However, the difference approach may not go far enough. Staying with the hiring example, it may just turn out that characteristics coded as feminine are not helpful in a particular business context, whether because the business itself came to be in a world where masculine traits were preferred, by mere chance, or for some other reason. If this turns out to be the case, the defender of the difference approach seems to be stuck, hamstrung by her own argumentative technique of taking what has been devalued and elevating it. Instead of providing women with new opportunities across the board, it either constrains them to expanding into whatever areas in which they can convince others they add value or leaves them with the same opportunities but increased external appreciation. While these may be gains, they fail to account fully for the range of talents, experiences, and interests of both women and men.
Of course, a defender of the approach may be able to meet such an objection, just as a defender of the sameness approach may be able the meet the charges against it. Yet a deeper problem plagues both. As Catharine MacKinnon puts it, “[The sameness approach grants] women access to what men have access to. […] The differences branch […] exists to value or compensate women for what we are or have become distinctively as women (by which is meant, unlike men) under existing conditions.”7
Despite their apparent differences, the sameness and difference approaches both take the initial system as given and fail to question adequately the construction of this sameness and difference in the context of a broader system of subordination. They fail to ask why the system was constructed this way and simply seek the best treatment for women within the system. The dominance approach, favored by MacKinnon and others, attempts to remedy this problem, and will be the subject of the third installment in this series.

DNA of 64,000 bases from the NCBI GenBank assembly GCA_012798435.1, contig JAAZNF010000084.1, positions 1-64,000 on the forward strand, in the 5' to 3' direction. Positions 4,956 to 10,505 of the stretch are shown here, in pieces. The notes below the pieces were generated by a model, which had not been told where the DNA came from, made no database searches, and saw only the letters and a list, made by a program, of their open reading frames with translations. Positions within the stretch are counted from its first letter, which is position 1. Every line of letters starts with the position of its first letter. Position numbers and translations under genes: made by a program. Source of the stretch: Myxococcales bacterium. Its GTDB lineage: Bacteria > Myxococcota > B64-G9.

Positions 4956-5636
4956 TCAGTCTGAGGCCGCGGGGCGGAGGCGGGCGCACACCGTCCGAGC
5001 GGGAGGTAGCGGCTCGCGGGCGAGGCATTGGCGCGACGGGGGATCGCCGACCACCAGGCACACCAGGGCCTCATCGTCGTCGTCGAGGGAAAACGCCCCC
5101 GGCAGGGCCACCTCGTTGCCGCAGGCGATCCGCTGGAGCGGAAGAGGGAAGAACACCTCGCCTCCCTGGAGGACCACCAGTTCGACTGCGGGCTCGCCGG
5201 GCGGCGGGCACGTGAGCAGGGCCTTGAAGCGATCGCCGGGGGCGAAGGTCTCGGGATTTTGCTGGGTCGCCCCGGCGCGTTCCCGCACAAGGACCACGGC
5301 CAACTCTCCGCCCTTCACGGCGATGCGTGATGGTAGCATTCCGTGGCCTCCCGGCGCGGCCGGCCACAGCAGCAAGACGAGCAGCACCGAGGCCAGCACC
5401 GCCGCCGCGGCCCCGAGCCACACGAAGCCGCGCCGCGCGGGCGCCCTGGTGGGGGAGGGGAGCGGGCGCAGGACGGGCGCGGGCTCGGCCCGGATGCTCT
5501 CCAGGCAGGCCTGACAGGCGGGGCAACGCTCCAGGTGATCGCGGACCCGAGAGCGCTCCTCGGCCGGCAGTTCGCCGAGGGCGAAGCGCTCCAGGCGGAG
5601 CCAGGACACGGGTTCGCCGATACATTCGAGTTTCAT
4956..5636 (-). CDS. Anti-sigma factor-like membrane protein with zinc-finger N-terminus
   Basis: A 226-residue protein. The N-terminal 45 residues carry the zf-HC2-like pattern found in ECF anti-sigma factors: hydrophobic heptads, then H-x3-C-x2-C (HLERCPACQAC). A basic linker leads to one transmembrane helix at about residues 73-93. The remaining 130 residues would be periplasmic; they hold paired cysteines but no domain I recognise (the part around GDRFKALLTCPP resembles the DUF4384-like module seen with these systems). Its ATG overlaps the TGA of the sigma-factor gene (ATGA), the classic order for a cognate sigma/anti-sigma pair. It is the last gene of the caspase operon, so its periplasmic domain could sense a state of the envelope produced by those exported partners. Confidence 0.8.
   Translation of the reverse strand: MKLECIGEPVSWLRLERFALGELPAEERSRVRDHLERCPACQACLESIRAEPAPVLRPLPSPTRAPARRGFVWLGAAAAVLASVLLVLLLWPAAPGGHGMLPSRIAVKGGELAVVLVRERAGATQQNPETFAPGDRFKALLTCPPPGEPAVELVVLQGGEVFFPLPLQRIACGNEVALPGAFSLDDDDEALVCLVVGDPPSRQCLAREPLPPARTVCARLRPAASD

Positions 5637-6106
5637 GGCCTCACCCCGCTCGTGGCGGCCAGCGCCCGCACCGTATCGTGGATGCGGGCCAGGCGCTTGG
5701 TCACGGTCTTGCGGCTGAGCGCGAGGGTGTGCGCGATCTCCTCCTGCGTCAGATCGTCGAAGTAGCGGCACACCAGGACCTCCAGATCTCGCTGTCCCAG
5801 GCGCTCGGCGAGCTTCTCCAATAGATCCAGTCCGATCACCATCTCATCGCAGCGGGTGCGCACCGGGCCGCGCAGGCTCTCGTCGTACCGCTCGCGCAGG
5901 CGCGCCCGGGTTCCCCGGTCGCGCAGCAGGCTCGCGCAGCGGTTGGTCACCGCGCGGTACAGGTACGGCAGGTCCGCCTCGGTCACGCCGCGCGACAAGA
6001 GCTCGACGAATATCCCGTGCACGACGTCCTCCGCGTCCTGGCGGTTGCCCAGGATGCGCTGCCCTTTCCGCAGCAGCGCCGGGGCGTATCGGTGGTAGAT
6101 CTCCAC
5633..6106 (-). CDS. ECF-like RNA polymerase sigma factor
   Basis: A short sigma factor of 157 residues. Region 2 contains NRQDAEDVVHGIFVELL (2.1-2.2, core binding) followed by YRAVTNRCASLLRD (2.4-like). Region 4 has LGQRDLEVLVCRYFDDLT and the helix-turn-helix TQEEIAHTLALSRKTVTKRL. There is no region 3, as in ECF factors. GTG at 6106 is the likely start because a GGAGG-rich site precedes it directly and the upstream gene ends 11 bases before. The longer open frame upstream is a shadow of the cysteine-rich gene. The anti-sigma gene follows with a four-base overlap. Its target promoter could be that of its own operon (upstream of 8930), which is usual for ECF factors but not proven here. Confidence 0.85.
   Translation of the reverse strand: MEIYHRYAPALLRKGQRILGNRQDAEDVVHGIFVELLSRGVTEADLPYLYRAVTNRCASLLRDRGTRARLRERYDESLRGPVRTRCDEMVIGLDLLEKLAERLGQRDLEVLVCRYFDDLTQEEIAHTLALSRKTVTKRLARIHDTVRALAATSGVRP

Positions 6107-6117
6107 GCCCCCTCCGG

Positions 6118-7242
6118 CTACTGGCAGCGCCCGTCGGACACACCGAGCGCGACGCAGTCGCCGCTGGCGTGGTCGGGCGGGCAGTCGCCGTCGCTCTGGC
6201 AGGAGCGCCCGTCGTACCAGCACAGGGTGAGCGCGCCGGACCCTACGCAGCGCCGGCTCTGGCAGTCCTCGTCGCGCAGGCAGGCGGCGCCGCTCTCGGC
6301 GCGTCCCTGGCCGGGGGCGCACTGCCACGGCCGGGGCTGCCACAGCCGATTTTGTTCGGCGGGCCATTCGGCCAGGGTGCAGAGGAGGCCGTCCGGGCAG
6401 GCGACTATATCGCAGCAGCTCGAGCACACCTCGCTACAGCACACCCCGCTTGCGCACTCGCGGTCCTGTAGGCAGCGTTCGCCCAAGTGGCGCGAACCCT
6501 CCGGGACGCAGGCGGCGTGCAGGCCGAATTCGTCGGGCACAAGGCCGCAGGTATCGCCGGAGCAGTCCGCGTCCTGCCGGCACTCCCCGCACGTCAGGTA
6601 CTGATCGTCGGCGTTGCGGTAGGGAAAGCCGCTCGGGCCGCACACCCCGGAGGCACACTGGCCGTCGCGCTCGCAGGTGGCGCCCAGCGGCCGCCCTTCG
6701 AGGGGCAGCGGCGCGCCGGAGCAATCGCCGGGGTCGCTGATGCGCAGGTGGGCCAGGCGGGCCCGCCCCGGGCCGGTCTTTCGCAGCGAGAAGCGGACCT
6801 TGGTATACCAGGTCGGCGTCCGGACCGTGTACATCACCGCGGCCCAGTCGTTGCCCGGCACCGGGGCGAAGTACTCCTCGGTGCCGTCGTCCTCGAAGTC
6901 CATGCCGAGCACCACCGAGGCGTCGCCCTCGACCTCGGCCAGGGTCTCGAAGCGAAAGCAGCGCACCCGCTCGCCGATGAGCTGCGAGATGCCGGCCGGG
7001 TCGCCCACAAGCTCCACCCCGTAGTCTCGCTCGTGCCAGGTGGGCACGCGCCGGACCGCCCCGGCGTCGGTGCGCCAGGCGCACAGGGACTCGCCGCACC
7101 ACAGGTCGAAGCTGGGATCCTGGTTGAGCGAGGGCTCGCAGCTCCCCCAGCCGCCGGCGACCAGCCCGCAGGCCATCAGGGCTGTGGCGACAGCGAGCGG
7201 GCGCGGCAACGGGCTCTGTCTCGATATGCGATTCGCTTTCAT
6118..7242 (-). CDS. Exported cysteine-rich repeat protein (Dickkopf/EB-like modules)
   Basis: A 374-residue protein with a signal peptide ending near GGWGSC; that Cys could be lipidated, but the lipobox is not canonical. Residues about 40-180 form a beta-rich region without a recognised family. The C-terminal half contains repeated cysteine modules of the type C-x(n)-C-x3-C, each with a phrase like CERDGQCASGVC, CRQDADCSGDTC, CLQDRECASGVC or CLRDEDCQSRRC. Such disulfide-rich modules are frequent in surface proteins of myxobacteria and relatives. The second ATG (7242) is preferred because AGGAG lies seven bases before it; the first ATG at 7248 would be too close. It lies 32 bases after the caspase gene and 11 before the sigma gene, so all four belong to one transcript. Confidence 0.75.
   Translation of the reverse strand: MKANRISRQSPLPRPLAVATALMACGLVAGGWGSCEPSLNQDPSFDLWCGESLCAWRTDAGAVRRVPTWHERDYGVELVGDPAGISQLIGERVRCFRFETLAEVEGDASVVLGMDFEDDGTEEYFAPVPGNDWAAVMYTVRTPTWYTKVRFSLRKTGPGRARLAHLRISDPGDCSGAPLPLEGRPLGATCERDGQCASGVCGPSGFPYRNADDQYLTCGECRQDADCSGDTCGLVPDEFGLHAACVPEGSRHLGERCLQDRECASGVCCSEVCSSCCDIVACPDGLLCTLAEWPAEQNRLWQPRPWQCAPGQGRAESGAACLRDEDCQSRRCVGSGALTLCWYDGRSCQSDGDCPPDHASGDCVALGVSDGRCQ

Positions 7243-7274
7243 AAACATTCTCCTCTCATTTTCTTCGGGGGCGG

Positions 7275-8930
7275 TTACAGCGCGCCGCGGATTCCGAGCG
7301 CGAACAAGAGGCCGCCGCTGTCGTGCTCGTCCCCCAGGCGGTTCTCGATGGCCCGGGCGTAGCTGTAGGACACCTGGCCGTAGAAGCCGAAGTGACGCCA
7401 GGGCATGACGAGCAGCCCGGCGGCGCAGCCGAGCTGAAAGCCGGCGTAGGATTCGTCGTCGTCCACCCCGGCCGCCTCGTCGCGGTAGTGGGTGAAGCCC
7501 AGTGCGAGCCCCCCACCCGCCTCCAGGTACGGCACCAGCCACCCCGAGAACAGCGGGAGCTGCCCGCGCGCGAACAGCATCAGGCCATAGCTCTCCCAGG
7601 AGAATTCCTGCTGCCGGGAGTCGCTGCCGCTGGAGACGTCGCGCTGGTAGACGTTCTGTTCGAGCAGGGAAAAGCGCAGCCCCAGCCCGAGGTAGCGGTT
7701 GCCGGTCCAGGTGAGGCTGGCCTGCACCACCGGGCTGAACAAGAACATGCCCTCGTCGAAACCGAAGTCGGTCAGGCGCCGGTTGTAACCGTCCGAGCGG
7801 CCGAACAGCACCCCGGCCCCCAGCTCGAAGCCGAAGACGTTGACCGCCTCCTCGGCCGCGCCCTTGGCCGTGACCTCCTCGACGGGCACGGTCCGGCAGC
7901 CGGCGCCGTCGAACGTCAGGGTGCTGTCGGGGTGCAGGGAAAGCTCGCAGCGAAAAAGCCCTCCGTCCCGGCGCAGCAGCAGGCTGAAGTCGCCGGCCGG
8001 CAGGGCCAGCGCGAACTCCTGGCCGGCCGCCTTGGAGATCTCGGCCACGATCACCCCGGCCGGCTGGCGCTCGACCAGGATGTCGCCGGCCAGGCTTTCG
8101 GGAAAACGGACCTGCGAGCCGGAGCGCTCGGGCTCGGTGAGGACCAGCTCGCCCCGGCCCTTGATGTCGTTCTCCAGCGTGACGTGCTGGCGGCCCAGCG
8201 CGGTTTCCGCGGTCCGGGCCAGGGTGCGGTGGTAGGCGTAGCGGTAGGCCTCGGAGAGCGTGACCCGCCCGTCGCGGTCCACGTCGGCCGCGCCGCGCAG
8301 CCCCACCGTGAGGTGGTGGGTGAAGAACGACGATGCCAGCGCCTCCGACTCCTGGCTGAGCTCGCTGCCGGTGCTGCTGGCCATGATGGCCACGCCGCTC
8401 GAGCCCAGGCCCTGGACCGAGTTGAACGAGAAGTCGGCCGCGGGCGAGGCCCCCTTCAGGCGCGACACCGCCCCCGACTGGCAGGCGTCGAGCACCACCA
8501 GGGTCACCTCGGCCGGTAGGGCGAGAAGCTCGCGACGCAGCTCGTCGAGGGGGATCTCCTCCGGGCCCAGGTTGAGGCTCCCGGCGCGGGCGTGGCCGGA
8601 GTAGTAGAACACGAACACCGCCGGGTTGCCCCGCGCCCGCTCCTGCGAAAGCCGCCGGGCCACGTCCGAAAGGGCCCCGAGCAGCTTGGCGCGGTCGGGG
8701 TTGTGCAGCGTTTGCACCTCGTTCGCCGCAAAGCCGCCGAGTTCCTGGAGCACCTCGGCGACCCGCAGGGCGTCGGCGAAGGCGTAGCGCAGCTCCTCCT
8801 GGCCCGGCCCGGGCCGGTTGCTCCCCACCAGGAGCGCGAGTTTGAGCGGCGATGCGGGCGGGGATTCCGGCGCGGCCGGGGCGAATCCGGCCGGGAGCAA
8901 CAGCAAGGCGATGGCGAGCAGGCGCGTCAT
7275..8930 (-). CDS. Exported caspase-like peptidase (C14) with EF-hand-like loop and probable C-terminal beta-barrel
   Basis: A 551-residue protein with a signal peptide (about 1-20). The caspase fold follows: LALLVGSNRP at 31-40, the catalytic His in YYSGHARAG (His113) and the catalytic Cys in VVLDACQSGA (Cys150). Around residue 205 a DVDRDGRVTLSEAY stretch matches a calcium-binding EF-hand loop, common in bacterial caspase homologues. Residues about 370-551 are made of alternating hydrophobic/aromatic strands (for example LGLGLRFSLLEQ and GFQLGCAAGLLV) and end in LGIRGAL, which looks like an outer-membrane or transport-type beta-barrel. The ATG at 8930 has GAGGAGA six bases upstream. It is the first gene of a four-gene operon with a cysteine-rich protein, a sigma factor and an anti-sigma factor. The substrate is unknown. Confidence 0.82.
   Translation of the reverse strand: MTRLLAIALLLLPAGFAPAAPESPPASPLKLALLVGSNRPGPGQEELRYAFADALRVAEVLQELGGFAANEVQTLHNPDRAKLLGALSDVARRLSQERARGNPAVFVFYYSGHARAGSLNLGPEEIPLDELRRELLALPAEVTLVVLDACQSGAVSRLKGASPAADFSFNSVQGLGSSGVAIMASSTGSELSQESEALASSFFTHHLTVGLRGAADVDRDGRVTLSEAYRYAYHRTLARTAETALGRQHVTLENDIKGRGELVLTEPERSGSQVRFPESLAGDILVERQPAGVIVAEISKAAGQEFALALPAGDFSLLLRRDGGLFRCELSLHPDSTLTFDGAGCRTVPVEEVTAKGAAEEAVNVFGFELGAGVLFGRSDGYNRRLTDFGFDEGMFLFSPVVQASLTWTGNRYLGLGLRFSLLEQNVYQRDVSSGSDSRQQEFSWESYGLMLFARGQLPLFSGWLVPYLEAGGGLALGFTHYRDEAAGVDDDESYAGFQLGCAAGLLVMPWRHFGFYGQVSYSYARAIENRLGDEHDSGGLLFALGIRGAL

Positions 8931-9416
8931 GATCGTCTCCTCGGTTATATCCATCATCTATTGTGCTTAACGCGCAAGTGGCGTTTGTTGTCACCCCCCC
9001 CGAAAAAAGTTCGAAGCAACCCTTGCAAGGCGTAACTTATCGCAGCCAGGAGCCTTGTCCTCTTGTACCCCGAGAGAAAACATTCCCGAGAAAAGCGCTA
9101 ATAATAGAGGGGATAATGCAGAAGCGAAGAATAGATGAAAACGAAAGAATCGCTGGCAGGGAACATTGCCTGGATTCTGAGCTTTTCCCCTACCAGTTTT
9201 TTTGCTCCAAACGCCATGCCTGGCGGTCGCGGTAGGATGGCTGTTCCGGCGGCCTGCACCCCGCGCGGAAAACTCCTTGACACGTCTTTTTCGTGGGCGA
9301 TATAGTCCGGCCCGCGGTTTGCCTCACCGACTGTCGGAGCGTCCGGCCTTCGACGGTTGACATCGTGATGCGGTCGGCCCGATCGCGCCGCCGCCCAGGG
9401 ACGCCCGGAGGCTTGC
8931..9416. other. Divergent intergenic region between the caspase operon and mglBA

1 Hackett, Elizabeth, and Sally Haslanger. Theorizing Feminisms: A Reader. New York: Oxford University Press, 2006.
2 I pause to note again the following: I talk about men and women in this essay as if those categories were real and exhausted the gendered possibility space. I do this mostly because the thinkers I discuss tended to do so. However, most feminists today accept that there is no hard and fast biological or social binary with men on one hand and women on the other. For an overview of ways in which sex, gender identity and expression, and sexual orientation come apart, see here.
3 Addams, Jane. “Women and Public Housekeeping” printed in Hackett, Elizabeth, and Sally Haslanger. Theorizing Feminisms: A Reader. New York: Oxford University Press, 2006.
4 Gilligan, Carol. In a Different Voice: Psychological Theory and Women’s Development. Cambridge, MA: Harvard University Press, 1993.
5 Shiva, Vandana. “Women’s Indigenous Knowledge and Biodiversity Conservation” printed in Hackett, Elizabeth, and Sally Haslanger. Theorizing Feminisms: A Reader. New York: Oxford University Press, 2006.
6 Ruddick, Sara. “Notes Toward a Feminist Maternal Peace Politics” printed in Hackett, Elizabeth, and Sally Haslanger. Theorizing Feminisms: A Reader. New York: Oxford University Press, 2006.
7 MacKinnon, Catharine. “Difference and Domination: On Sex Discrimination” printed in Hackett, Elizabeth, and Sally Haslanger. Theorizing Feminisms: A Reader. New York: Oxford University Press, 2006 (emphasis added).
Feminism Part 1: The Sameness Approach by Annaleigh Curtis
Feminism Part 3: The Dominance Approach by Chelsea Haramia
Download this essay in PDF.
About the Author
Annaleigh Curtis has a JD from Harvard Law School, a Ph.D. in Philosophy from the University of Colorado at Boulder, a Graduate Certificate in Women and Gender Studies from CU Boulder, and a B.A. in Philosophy from Washburn University. She is a practicing attorney in Boston; her focus is intellectual property litigation. Her academic interests include social epistemology, moral epistemology and methodology, feminist philosophy, and philosophy of law. https://papers.ssrn.com/sol3/cf_dev/AbsByAuth.cfm?per_id=2361641